Rather than giving you a discourse on the higher values, I make a portrait of a man depicting those and I place it before you. If this is Guru Nanak, I need not explain what the great man did and through which ordeals he had to pass. Thus I paint a face of the benevolent man who fears none, frightens none, and only blesses everyone out of his grace. If such an all-embracing personality happens to pass by you, in that fleeting moment you may not be able to get any benefit. If there is his painting that is forever with you, you may look at that again and again and for any length of time you please. If you have lost your center, you are frustrated, disappointed, and suffer loss. When desperation visits you, you simply stand before this painting. Out of its all-loving and all-understanding contours, you will get your hope and solace. This is all that I want.
I have standardized the paintings of the Gurus which will be acceptable to the man of today as much as to the man of tomorrow. A need for it arose, because this is an era of science and even a child wants to know the how and why of everything and it has to be explained in a painting. My effort is to eliminate the confusions produced by the way the Gurus have been painted by other artists. If I get to live longer, I will paint the Gurus at a level of human understanding that will allow a man of common intellect to understand what the Gurus command and demand, and inspires him to rise to that highest level by following their dictates.
If torch-light is thrown on something, it makes the object visible. Nothing manifests if the light is turned towards the sky. To stay within Sikh philosophy, is to get light reflected from this object and not to worship it (the light of knowledge and understanding).
Guru Gobind Singh
My aim is to paint the Sikh Gurus and this is my religion. I try to give form to that which is formless. I do not think of selling my paintings for money only. I do very much long that these be propagated for the benefit of the masses, for their spiritual and moral uplift.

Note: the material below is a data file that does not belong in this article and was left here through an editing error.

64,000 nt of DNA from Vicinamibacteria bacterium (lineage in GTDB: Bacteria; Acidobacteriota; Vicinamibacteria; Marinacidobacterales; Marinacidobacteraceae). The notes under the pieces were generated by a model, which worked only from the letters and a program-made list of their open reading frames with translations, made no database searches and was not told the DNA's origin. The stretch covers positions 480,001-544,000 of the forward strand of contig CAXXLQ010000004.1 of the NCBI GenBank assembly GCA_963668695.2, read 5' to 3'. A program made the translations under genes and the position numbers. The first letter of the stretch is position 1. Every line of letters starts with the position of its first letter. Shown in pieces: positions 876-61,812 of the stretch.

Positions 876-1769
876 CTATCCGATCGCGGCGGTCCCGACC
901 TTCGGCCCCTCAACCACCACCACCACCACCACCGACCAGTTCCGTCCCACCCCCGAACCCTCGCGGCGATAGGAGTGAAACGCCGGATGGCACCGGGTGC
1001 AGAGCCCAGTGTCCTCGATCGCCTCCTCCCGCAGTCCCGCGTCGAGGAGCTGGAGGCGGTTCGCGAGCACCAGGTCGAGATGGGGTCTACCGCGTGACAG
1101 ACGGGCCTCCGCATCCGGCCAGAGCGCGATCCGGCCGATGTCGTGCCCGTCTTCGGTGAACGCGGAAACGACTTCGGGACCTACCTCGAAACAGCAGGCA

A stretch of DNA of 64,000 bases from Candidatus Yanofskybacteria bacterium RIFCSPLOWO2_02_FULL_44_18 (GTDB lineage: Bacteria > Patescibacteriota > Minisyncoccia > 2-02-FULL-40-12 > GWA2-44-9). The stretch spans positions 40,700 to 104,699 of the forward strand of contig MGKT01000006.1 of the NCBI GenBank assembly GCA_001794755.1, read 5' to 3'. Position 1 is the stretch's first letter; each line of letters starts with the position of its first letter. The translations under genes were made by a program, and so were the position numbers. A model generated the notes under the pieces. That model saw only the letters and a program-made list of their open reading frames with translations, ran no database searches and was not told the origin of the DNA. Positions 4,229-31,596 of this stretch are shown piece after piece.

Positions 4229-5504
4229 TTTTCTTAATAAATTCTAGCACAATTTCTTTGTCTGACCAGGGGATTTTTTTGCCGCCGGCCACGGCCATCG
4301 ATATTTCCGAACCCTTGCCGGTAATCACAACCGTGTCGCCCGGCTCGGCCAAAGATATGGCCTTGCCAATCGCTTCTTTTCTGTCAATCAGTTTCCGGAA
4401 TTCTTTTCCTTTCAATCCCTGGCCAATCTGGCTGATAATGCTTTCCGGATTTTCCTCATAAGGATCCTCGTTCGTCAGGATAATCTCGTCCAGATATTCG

I keep on growing as my paintings grow. The evolution of my paintings is my own evolution. I see my past, present, and future in these paintings. Therein, I behold the integrated growth of my paintings. The philosophy of trinity, that is, it had been done, it can be done, it should be done, depicted in the paintings of a great man is not merely a manifestation of his devotion, but it encompasses divine intelligence, perception, and conception.
I can call Guru Nanak an artist. Out of his perfection, with his affectionate approach to humanity, he tried to build and spread goodness. You may call him a reformer or a prophet. Unless you make a prophecy, you cannot bring in reform. You know that you will give this medicine and it will cure the ailment. Guru Nanak knew that he had to give to people their guiding wish, and to awaken them so that they could live a purposeful and ethical life with honor and dignity. You may paint the Gurus as best as you can, it will have different effect on the followers of different faiths. This is because a painting represents a symbol, which the artist wants to give to others, and it may or may not be acceptable to anyone. Guru Nanak is the symbol of goodness but others may take him as representing the Sikhs only. The reason is that their vision of knowledge has not yet developed and they cannot go beyond the “form”. They draw joy out of the form only. A person with wisdom goes beyond color, lines and forms. Anything will give pleasure proportionate to the depth and angel with which we observe it.
In England, the television people asked my opinion about, “Art is long and the life is short.” I told them that life is not short and art not long. Art is a compensation for life. In fact, it is not possible to measure both of them. Life is everlasting. Due to disharmony in God made and the man made laws, gaps and pits come up in life. Art is to level these up. Art is for life whether it is a painting, music or literature. Life is not for it. Nothing can be greater than life and the life. To keep life going people do everything – good or bad. There is another aspect to life, which is bliss. Bliss is a state of mind. Other aspects of life are the sentimental, and the carnal.
Carnal life has its own greatness. People sacrifice it to preserve its higher form saying, “We will not bow to the untruth.” Life has its stages and it is sad if we fail to understand it. Life is there in a seed, a fully-grown tree, in leaves and in flowers. The leaves fall, decay, and turn into manure to give life to the tree. It is one continuous process. You cannot constrain life in different intervals. By so doing its charm is lost. Life is the art of the Lord!
There is nothing like “contemporary artists”. Different artists who live in one time-period differ in their individuality according to their faculty, aim, and dedication. Some give themselves the label of progressive artists and others define their art differently. Then there are those who run after name, money, and fame..